Causal conundrums

3. Cosmology

Where is the evidence to show that the whole of existence condenses into an atomic or sub-atomic level of reality, or that the physical universe defines and explains existence because that level of reality is somehow ‘more real’?  What makes us believe that the broader cosmos exhibits a singular nature rather than a unified plurality of natures?  Surely, we need only look inwards at ourselves to see a nature that differs fundamentally from the universe we look out upon?

Isn’t it obvious that there is more than the laws of physics at work in the universe, since things determined by those laws do not determine what can be done with them – for instance, could the Eiffel Tower put itself there?  Then isn’t one such event on one insignificant planet sufficient to redefine the nature of the whole?

What is existence?  What does it mean to exist?  Is change the determining factor – so to exist is to undergo change?  Is energy the common denominator – but what kind of explanation reduces things to less than they were?

How do things change?  Do causes generate their own possibilities, or is there some additional possibility making causality possible?  Is ‘causality’ another name for possibility-in-action?  But what is the spur to action?  Why do causes-in-action make things possible only when the circumstances are right – what makes an outcome ‘necessarily so’, what is the nature of possibility and its relationship to necessary consequence?  Do the characteristics of the cause predispose the characteristics of the effect, or is it the converse?  Ultimately, is every ‘outcome’ a convergence of factors that bind the past, present and future?  Then can possibilities-yet-to-be affect the course of events; is the greater scheme of things built ‘into’ or ‘upon’ the lesser?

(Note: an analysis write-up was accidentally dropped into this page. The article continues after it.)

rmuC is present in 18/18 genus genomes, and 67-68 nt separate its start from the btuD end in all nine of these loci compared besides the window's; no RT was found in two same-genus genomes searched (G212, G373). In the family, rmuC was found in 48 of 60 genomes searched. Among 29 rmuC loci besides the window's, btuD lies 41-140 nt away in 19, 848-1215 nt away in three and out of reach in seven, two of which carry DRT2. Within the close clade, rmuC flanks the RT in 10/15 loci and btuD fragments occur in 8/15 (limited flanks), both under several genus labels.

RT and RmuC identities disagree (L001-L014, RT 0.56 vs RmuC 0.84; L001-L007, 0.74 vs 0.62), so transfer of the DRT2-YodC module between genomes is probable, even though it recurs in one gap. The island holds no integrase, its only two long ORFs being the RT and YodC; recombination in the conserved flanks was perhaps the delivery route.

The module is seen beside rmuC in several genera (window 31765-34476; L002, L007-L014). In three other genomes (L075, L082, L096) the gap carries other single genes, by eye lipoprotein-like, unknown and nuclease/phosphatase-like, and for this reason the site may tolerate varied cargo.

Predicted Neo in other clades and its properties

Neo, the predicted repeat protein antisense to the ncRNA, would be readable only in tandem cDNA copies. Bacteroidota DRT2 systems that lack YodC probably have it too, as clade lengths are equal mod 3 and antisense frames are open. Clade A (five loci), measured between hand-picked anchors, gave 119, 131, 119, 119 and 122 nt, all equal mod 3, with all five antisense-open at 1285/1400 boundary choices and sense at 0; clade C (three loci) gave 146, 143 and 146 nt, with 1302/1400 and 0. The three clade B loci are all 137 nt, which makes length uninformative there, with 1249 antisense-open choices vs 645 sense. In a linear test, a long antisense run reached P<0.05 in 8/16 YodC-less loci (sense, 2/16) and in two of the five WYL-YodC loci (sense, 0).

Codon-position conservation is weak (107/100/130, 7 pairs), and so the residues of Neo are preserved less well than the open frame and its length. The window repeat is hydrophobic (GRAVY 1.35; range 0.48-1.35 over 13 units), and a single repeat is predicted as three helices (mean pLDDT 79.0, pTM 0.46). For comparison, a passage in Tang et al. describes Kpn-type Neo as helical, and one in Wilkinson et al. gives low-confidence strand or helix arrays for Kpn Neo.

Even though experience shows us that anything can’t happen, what makes us believe that what does happen must already be built into the cause?

Are we misperceiving reality by subsuming our observations to the theory that the future remains entirely predictable from a comprehensive knowledge of the past?

Is explanation biased towards the confirmation of ‘the explicable’ – as if the observable causes must explain all when there is nothing else to see, whilst any discernible gaps in knowledge are to be understood in terms of causes yet-to-be-discovered?

Do the parameters of the cause set the parameters of the effect; if so, how is change possible; if not, how is explanation possible?  That is to say, if there is a difference between a cause and its effect, then how does the cause explain it by being different; but if there is no difference, then what are we trying to explain?  In short, how does causality explain change – for either the effect is the same as the cause and nothing changes, or the effect goes beyond the cause and, therefore, the cause doesn’t explain the difference?

Do causes induce change through their divergence?  But what causes the differentiation? And even if causes were seen to cleave into effects, how would that explain the emergent differences?

Does a causal explanation of existence amount to no more than an edifice of ‘pseudo-explanations’ unless we can explain the putative ‘uncaused cause’ on which it is based?

Has the recent discovery of quantum uncertainty finally confirmed an established fact of life – that there is more going on than all we can presume to know for certain?